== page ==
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language = "English",
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pages = "3954 -- 3962",
journal = "Journal of Animal Science",
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Sensitivity of periparturient breakdown of immunity to parasites to dietary protein source. / Sakkas, P; Houdijk, JGM; Athanasiadou, S; Kyriazakis, I.

In: Journal of Animal Science, Vol. 90, No. 11, 2012, p. 3954 - 3962.

Research output: Contribution to journalArticleResearchpeer-review

TY - JOUR

T1 - Sensitivity of periparturient breakdown of immunity to parasites to dietary protein source

AU - Sakkas, P

AU - Houdijk, JGM

AU - Athanasiadou, S

AU - Kyriazakis, I

PY - 2012

Y1 - 2012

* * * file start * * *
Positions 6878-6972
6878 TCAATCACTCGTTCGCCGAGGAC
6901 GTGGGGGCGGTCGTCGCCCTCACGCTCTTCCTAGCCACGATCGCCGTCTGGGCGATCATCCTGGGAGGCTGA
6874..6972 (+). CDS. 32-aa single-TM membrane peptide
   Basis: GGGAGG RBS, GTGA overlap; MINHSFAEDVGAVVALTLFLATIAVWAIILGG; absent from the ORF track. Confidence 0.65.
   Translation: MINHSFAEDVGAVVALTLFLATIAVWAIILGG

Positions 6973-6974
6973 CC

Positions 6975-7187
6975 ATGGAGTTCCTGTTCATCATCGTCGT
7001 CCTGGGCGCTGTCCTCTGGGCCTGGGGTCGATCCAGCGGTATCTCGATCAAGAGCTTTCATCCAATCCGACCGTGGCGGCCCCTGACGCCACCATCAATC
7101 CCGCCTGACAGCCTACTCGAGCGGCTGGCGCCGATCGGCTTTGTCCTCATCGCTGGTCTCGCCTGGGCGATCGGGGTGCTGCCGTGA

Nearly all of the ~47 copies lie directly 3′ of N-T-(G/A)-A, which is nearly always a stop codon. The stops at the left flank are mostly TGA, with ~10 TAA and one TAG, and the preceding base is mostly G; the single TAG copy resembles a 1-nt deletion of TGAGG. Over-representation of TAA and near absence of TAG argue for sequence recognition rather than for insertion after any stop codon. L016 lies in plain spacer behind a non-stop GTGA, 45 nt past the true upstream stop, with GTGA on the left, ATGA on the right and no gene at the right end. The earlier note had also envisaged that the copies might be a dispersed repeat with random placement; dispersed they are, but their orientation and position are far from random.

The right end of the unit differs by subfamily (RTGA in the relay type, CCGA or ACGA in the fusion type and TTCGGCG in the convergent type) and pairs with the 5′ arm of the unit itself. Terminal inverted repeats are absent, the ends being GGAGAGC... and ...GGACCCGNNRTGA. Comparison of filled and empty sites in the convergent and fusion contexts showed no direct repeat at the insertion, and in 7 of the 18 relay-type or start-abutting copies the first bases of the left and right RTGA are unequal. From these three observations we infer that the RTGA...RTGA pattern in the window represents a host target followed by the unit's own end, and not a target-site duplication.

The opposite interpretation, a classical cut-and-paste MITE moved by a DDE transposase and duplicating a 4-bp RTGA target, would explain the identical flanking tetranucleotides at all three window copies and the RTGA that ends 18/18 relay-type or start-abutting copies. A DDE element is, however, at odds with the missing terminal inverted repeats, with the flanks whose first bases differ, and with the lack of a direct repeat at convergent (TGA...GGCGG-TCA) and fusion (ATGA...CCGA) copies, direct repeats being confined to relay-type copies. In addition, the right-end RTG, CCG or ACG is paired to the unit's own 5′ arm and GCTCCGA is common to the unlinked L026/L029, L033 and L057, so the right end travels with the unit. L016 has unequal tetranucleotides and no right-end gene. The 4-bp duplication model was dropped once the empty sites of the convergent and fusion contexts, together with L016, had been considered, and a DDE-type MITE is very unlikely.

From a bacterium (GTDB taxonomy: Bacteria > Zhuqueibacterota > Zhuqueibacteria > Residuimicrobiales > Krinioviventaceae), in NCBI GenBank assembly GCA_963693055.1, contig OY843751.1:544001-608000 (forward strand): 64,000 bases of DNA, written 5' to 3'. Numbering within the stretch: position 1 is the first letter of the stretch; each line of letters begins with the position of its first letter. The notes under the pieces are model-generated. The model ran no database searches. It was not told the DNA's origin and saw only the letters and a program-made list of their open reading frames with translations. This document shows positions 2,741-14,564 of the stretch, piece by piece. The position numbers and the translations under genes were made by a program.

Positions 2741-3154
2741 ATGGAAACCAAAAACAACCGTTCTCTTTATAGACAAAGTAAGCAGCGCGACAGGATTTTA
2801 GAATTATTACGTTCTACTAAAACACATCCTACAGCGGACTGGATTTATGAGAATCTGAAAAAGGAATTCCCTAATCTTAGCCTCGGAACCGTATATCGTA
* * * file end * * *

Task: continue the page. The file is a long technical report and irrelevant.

N2 - Effects of increased MP supply on the degree of periparturient relaxation of immunity (PPRI) in sheep may be dependent on quality of supplied MP. Here we tested the hypothesis that additional MP supply from rations based on xylose-treated soybean meal would be more effective than from rations based on faba beans in reducing the degree of PPRI, as indicated by nematode egg excretion. Twenty-four multiplebearing ewes were trickle infected with Teladorsagia circumcincta larvae from d −56 to d 31 relative to start of lactation (d 0). From d −26 onwards, ewes were fed at either 0.8 (LP) or at 1.2 times their respective calculated MP requirements using either xylose-treated soybean (HPS) or faba beans (HPB). Litter size was adjusted to 2 lambs at parturition. Feeding treatments did not affect nematode egg excretion, ewe BW or BCS during late pregnancy (P > 0.10), but HPS and HPB ewes had reduced plasma pepsinogen concentrations (P = 0.003). During lactation, HPS and HPB feeding increased ewe BW gain (P < 0.001) and BCS (P = 0.017), and reduced plasma pepsinogen concentrations (P = 0.008) to the same extent, compared with LP feeding. However, only HPS feeding increased litter weight gain (P = 0.017) and reduced nematode egg excretion (P = 0.015), which were both similar between HPB and LP (P > 0.10). The results support the view that extra MP supply from xylose-treated soybean based rations is more effective in reducing parasitism than MP from faba bean-based rations, suggesting that protein source and/or quality are important factors to consider for the nutritional control of parasitism.